Should You Text Someone After They Ghosted You? Here’s What Experts Say Is The Best Move

To say that getting ghosted is a bummer is not exactly a hot take. But to me, the worst part of the whole thing isn't the rejection — it's feeling powerless and like I've lost control. So when it's happened to me, I've been torn between just letting it go and saving my pride, and sending them a text screed along the lines of "How dare you!" While the latter is probably not the best idea, should you text someone after they ghosted you? Or are you really better off just letting it go and moving on?

Ghosting is hard because it’s a situation where you just really don't have a lot of answers, so if you do decide to reach out again, you're really at an informational disadvantage. Maybe something happened and they haven't been reaching out because they really are busy. Or maybe they just weren’t feeling it but didn't feel like taking the admittedly awkward step of saying so. The fact is you just don't know. But is texting after they've disappeared actually going to give you a satisfactory answer? Honestly, it's all just very confusing. So, to help clear things up a bit, I reached out to the experts for their advice on whether or not to text someone after they've pulled a Casper on you. Here's what they had to say.

Should you text someone after they’ve ghosted you?


When someone just up and disappears, it can be really tempting to reach out. Even if it’s just to get an answer as to why they’ve stopped talking to you and to get some closure. But the experts agree: You shouldn’t bother texting a ghost. “They have sent a message by not having the decency to let you know they were not interested. There is no need to text them. What would you be texting them about, to confirm they are not interested in you? I think ghosting you in the first place sent that message,” Patti Sabla, a licensed clinical social worker, tells Elite Daily. “We teach people how to treat us. Accepting this behavior only allows the person to think that we condone this treatment,” she adds.

Amy North, online dating coach and resident women’s dating expert at, tells Elite Daily that the cost of reaching out to someone who has ghosted you outweighs any benefit. “If someone ghosts you, you almost never gain anything by texting them. It won’t make you feel better. It won’t make them change their mind. People ghost because they’re afraid to have a real conversation about their feelings and that’s not someone you want to be with anyway,” she concludes.

Here’s when it's OK to reach out.


While the experts generally don’t advise texting someone who has pulled a disappearing act, there are some exceptions to the rule. “There are three situations where you should reach out to someone after they ghost you,” says North. “If things were going well and it comes out of nowhere, if you’d been out more than four times and suddenly they disappear into thin air without explanation, or if they stand you up on a date. Do it for the next girl they date, to stop this ghostly cycle. Or even just to make sure they aren’t stuck in a well somewhere,” she adds. In those situations, she suggests a calm message letting them know how you feel. "Remember that your goal isn’t to win them back, or punish them for ghosting you. So, don’t swear at them or try to convince them to give you another chance,” North advises. “Calmly explain to them how it hurt you and that you wish they would have been up front about why they broke contact. If you can keep your cool then you’ll make them rethink their actions and maybe even apologize.”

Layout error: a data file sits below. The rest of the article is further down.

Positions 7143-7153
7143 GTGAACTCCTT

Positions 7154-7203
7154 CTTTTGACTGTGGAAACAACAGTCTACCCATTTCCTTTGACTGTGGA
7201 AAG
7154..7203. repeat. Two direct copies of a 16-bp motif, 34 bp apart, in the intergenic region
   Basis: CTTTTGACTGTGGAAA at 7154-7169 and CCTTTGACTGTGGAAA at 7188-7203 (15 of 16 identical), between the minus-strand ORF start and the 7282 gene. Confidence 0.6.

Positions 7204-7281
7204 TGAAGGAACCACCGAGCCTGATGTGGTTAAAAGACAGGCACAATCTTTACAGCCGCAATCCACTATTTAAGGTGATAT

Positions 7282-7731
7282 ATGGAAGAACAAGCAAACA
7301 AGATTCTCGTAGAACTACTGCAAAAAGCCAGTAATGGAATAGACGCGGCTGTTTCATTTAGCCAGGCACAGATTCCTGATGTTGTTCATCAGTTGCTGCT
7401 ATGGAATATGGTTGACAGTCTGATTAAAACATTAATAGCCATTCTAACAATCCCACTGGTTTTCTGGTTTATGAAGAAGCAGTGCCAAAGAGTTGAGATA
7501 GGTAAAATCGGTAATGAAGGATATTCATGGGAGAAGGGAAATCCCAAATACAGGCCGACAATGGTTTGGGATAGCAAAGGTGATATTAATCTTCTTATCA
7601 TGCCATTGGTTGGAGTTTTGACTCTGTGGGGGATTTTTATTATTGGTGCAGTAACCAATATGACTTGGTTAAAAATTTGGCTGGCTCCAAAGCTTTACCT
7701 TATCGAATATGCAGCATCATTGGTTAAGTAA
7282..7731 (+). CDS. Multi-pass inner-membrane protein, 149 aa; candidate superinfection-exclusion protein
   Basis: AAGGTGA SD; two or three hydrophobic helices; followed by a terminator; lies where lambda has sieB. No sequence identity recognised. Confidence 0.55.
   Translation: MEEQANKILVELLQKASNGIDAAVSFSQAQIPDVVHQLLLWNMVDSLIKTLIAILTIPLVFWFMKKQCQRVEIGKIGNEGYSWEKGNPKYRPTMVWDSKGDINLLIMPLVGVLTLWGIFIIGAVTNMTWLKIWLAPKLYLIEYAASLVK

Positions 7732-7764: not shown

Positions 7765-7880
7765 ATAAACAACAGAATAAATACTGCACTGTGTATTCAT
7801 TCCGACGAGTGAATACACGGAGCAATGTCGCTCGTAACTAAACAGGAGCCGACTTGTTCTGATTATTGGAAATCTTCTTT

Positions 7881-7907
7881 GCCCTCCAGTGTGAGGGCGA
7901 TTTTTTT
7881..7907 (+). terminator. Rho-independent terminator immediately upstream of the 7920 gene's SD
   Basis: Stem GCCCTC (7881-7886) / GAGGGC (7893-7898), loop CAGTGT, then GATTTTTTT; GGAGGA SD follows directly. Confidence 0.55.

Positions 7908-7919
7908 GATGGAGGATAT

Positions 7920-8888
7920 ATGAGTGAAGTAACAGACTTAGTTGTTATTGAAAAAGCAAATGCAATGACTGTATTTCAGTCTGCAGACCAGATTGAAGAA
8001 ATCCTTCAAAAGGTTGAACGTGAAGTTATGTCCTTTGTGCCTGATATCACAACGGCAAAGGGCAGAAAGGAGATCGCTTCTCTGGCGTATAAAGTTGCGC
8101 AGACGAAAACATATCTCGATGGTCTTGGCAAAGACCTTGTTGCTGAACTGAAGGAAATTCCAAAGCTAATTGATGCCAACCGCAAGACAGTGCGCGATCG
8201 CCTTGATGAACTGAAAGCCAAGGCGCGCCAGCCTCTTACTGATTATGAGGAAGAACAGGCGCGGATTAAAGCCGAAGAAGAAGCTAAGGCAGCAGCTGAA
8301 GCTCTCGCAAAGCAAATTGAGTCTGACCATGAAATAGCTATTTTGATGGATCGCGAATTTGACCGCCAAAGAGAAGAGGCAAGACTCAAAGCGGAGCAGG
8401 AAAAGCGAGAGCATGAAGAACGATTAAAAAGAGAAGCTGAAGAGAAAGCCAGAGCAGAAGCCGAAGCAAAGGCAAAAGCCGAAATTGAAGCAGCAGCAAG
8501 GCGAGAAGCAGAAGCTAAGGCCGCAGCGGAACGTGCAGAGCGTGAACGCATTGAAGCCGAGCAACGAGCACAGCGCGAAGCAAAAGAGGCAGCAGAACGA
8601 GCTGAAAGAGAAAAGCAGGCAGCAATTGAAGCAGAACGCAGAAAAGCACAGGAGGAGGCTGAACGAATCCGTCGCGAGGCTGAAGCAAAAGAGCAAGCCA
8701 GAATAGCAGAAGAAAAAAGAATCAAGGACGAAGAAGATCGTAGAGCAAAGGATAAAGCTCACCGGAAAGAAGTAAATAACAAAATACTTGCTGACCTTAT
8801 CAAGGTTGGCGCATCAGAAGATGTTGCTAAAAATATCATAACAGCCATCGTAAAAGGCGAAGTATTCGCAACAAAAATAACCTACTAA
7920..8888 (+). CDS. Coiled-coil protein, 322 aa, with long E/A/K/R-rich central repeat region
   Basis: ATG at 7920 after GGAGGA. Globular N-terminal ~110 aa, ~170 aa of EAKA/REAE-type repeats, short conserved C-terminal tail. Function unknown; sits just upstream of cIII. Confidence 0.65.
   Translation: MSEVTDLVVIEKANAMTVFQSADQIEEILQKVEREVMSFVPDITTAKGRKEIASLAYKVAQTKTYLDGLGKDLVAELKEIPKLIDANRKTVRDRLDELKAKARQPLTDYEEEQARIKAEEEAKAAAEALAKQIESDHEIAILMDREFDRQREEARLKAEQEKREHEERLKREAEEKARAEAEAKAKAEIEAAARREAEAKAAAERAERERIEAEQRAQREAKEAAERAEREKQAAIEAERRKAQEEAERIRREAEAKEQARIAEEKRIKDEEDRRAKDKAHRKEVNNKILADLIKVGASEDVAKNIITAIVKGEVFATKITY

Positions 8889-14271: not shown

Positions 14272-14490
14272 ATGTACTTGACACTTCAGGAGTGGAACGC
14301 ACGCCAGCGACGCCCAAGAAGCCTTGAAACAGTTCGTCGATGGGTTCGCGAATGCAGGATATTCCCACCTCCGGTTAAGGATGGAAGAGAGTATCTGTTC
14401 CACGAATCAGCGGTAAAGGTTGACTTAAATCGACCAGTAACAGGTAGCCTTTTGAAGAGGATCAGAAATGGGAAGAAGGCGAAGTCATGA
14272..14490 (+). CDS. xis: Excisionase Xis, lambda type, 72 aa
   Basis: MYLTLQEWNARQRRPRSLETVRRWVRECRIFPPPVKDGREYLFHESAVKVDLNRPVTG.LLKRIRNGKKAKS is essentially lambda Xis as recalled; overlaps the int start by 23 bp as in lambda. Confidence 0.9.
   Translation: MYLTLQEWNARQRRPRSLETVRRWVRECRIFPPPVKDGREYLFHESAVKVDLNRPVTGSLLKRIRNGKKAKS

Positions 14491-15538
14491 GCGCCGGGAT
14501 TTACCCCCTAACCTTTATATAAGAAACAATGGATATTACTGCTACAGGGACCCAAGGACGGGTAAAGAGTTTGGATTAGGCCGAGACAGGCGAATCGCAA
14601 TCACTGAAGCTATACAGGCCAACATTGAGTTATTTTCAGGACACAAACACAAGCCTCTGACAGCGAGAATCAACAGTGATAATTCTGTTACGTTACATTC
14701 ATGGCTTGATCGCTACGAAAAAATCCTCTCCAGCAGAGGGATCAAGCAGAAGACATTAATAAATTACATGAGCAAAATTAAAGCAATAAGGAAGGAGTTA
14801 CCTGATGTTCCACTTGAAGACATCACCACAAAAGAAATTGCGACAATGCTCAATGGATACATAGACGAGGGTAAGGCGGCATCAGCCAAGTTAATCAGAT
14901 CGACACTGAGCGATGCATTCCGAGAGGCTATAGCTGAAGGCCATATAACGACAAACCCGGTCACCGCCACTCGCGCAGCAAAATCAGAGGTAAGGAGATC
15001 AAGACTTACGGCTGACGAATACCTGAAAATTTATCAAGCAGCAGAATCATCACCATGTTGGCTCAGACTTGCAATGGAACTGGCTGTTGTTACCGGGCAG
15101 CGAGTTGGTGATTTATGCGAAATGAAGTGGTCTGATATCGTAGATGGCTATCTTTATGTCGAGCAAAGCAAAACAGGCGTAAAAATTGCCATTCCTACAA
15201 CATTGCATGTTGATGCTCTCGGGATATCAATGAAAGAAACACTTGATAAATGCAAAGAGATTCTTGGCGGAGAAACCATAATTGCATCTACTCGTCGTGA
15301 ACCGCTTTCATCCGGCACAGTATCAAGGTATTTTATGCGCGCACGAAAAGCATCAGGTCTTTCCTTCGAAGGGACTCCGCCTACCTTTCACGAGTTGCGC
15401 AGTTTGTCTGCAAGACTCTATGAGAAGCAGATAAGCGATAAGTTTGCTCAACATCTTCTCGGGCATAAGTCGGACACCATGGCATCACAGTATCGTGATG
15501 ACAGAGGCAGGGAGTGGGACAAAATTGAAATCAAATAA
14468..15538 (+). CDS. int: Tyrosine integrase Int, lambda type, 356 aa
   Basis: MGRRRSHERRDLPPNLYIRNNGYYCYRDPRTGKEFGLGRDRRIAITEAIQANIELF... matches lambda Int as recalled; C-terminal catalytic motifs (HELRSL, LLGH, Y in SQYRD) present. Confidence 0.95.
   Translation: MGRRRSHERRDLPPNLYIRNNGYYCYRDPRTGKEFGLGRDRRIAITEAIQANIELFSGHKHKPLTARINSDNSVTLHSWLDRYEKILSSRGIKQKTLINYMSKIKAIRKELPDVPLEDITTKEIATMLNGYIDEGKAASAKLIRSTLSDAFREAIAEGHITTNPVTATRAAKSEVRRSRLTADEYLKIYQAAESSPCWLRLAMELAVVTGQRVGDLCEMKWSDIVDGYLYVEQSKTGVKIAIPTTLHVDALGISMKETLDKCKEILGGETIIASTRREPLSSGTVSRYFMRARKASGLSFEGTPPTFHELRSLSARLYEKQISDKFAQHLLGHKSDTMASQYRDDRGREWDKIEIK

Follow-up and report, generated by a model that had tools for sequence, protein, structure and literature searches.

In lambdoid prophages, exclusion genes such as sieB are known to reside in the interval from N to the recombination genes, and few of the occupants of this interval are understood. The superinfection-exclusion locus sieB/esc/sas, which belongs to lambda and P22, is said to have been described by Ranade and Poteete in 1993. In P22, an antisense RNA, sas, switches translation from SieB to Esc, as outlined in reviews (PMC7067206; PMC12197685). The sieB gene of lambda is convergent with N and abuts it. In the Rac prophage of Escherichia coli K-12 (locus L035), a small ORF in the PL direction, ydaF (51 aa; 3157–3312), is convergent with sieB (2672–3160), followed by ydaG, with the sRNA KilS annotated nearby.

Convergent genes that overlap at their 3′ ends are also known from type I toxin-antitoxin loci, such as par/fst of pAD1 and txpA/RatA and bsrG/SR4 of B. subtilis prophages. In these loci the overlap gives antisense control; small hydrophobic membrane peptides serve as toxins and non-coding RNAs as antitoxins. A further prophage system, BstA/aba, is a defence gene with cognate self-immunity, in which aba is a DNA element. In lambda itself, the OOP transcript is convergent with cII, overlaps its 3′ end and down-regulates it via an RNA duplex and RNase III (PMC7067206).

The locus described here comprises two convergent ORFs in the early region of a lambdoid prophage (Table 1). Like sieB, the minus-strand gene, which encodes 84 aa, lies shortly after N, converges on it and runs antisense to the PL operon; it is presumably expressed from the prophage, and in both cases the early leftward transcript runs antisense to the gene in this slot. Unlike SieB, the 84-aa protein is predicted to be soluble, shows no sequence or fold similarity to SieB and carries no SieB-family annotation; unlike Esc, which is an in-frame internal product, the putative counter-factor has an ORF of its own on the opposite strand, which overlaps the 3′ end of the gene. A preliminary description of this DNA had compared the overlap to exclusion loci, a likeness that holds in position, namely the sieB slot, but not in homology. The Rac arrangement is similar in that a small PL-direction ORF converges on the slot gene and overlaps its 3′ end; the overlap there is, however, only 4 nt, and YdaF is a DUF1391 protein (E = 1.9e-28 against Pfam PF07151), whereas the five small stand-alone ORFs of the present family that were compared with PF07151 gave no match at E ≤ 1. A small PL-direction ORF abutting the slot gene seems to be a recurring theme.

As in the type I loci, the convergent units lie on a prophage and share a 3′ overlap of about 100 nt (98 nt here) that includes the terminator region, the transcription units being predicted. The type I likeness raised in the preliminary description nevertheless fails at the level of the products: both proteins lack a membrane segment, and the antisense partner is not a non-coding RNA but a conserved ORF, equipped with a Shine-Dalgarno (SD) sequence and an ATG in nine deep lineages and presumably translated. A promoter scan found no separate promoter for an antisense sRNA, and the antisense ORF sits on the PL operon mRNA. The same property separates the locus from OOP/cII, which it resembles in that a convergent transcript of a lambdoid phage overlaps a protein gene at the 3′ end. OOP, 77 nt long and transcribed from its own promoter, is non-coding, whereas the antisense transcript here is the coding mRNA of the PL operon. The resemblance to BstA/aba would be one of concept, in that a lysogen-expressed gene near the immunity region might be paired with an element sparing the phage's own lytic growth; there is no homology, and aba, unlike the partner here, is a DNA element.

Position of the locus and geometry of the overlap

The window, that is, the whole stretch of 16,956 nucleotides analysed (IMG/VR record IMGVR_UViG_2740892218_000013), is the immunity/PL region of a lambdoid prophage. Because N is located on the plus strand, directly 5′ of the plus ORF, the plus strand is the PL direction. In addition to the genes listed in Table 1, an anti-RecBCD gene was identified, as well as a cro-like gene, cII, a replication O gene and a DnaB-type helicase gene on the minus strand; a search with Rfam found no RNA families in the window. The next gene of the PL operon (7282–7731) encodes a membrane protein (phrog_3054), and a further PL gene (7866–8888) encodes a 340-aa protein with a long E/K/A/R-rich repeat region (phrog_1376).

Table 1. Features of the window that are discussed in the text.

How to move on from a ghost.


If texting a ghost isn’t an option, what should you do? The experts say that, instead of worrying about someone who has decided to disappear out of your life without explanation, you should just focus on moving on and putting all that energy back into taking care of yourself. “Don’t take it personally,” Laurel House, celebrity dating coach and host of the Man Whisperer podcast, tells Elite Daily. “It’s also unnecessary to hold onto anger toward them, because that’s allowing them to be in control of your emotions. Don’t give them that. If you need time to emotionally heal, take the time. Do something that makes you feel happy, fulfilled, emotionally safe. Be selfish. Then get back out there and move on!”

If you’ve just started dating the ghost, they can be a lot easier to let go of. However, if this is someone you have an established relationship with, North says to take the time you need to heal. “There’s this empty space in your life with no explanation,” she admits. “If you can’t get them to respond, take solace in the fact that they’re unable to be honest and do the work that’s necessary to make a relationship work so you’re definitely better off without them.” On the other hand, if this was someone fairly new in your life, Poppy Spencer, licensed clinical professional counselor and certified relational expert, suggests you do two things. “Delete or block the phone number [and] hop back on Tinder or Bumble — and if the ‘ghoster’ pops up, definitely swipe left,” she tells Elite Daily.

In the end, giving up on a ghost and letting that bad energy go is the first step toward something better, as Kevon Owen, relationship counselor and licensed clinical psychotherapist, tells Elite Daily. His advice: “Embrace the ghost. Ghost them back and return to the relationships that value you more than to leave you. If it’s to avoid conflict, say goodbye to the cowards. If it’s because ghosting you was easier, say goodbye to the disrespectful. If it’s coming from a place of trying to protect your heart, take the gift. There are people who want to love and value you. Give your energy to them.”

While the mystery of why someone disappeared out of your life can be compelling and tempting, the experts are clear: Don’t text a ghost. Put down that phone. Better yet, pick it up and start looking for someone new — and better.